# tree_monadize (fun a -> fun k -> k (square a)) t1 (fun t -> t);;
- : int tree =
Node (Node (Leaf 4, Leaf 9), Node (Leaf 25, Node (Leaf 49, Leaf 121)))

(* Counting leaves *)
# tree_monadize (fun a -> fun k -> 1 + k a) t1 (fun t -> 0);;
- : int = 5

It's not immediately obvious to us how to simulate the List monadization of the tree using this technique.

We could simulate the tree annotating example by setting the relevant type to (store -> 'result, 'a) continuation.

If you want to see how to parameterize the definition of the tree_monadize function, so that you don't have to keep rewriting it for each new monad, see this code.

Of course, by now you may have realized that we are working with a new monad, the binary, leaf-labeled Tree monad. Just as mere lists are in fact a monad, so are trees. Here is the type constructor, unit, and bind:

type 'a tree = Leaf of 'a | Node of ('a tree) * ('a tree);;
let tree_unit (a: 'a) : 'a tree = Leaf a;;
let rec tree_bind (u : 'a tree) (f : 'a -> 'b tree) : 'b tree =
match u with
| Leaf a -> f a
| Node (l, r) -> Node (tree_bind l f, tree_bind r f);;

For once, let's check the Monad laws. The left identity law is easy:

Left identity: bind (unit a) f = bind (Leaf a) f = f a

To check the other two laws, we need to make the following observation: it is easy to prove based on tree_bind by a simple induction on the structure of the first argument that the tree resulting from bind u f is a tree with the same strucure as u, except that each leaf a has been replaced with the tree returned by f a:

.                         .
__|__                     __|__
|   |                    /\   |
a1  .                   f a1  .
_|__                     __|__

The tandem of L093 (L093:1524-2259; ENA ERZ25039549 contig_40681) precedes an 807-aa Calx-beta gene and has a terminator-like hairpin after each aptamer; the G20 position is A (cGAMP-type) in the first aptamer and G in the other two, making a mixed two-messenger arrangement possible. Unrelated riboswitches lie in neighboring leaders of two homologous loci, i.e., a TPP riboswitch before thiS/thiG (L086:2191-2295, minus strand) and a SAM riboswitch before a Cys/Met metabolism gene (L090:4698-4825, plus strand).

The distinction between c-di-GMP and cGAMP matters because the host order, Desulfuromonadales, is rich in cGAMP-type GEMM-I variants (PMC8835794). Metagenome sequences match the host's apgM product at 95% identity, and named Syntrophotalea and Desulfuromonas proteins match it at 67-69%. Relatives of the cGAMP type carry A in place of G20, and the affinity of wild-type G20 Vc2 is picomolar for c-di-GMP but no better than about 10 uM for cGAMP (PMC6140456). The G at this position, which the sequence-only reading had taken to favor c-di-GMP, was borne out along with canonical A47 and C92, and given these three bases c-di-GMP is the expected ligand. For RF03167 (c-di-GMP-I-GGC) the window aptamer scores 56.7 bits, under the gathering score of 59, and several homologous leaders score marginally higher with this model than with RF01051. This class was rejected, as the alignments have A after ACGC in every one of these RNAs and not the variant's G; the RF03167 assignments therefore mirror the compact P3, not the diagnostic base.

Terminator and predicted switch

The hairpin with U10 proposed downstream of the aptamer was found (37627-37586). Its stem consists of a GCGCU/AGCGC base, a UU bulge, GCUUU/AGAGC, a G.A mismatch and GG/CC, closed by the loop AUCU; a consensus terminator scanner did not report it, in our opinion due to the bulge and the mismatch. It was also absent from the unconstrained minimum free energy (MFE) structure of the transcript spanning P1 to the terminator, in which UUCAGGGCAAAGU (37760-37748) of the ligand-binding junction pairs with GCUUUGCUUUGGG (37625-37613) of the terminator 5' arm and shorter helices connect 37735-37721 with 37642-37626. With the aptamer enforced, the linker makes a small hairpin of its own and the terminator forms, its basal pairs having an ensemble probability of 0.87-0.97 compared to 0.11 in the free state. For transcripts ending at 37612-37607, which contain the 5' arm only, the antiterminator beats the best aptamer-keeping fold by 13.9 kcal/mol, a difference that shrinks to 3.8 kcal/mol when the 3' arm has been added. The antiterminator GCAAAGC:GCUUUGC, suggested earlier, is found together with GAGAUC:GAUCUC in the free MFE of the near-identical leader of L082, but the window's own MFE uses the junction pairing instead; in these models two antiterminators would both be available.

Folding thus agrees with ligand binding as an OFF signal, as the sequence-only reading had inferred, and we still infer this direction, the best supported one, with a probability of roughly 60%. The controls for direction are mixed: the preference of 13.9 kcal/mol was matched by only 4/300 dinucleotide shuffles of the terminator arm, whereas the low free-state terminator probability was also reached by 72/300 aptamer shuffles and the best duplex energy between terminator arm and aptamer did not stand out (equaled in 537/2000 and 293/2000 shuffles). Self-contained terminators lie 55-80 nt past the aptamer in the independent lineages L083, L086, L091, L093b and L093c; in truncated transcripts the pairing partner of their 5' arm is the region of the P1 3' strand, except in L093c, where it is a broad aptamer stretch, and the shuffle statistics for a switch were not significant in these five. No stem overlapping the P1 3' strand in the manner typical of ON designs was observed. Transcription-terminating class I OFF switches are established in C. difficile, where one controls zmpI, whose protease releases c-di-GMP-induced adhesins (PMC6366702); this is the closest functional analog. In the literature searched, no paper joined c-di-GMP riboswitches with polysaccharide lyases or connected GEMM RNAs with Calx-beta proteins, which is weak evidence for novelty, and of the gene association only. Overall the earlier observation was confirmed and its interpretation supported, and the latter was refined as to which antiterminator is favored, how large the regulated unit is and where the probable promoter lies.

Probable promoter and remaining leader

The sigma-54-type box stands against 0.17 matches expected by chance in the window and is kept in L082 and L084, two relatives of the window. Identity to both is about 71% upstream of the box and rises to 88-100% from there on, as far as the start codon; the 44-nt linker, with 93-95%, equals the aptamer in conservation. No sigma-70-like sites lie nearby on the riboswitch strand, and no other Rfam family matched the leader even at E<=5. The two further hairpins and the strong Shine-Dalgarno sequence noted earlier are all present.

|  |                     |   /\
.  a5                    .  f a5
bind         _|__       f   =        __|__
|  |                    |   /\
.  a4                   .  f a4
__|__                   __|___
|   |                  /\    /\
a2  a3                f a2  f a3

Given this equivalence, the right identity law

Right identity: bind u unit = u

falls out once we realize that

bind (Leaf a) unit = unit a = Leaf a

As for the associative law,

Associativity: bind (bind u f) g = bind u (\a. bind (f a) g)

we'll give an example that will show how an inductive proof would proceed. Let f a = Node (Leaf a, Leaf a). Then

.
____|____
.               .            |       |
bind    __|__   f  =    __|_    =      .       .
|   |           |   |        __|__   __|__
a1  a2        f a1 f a2      |   |   |   |
a1  a1  a1  a1

Now when we bind this tree to g, we get

.
_____|______
|          |
.          .
__|__      __|__
|   |      |   |
g a1 g a1  g a1 g a1

At this point, it should be easy to convince yourself that using the recipe on the right hand side of the associative law will build the exact same final tree.

So binary trees are a monad.

Haskell combines this monad with the Option monad to provide a monad called a SearchTree that is intended to represent non-deterministic computations as a tree.

## What's this have to do with tree_monadize?

Our different implementations of tree_monadize above were different layerings of the Tree monad with other monads (Reader, State, List, and Continuation). We'll explore that further here: ?Monad Transformers.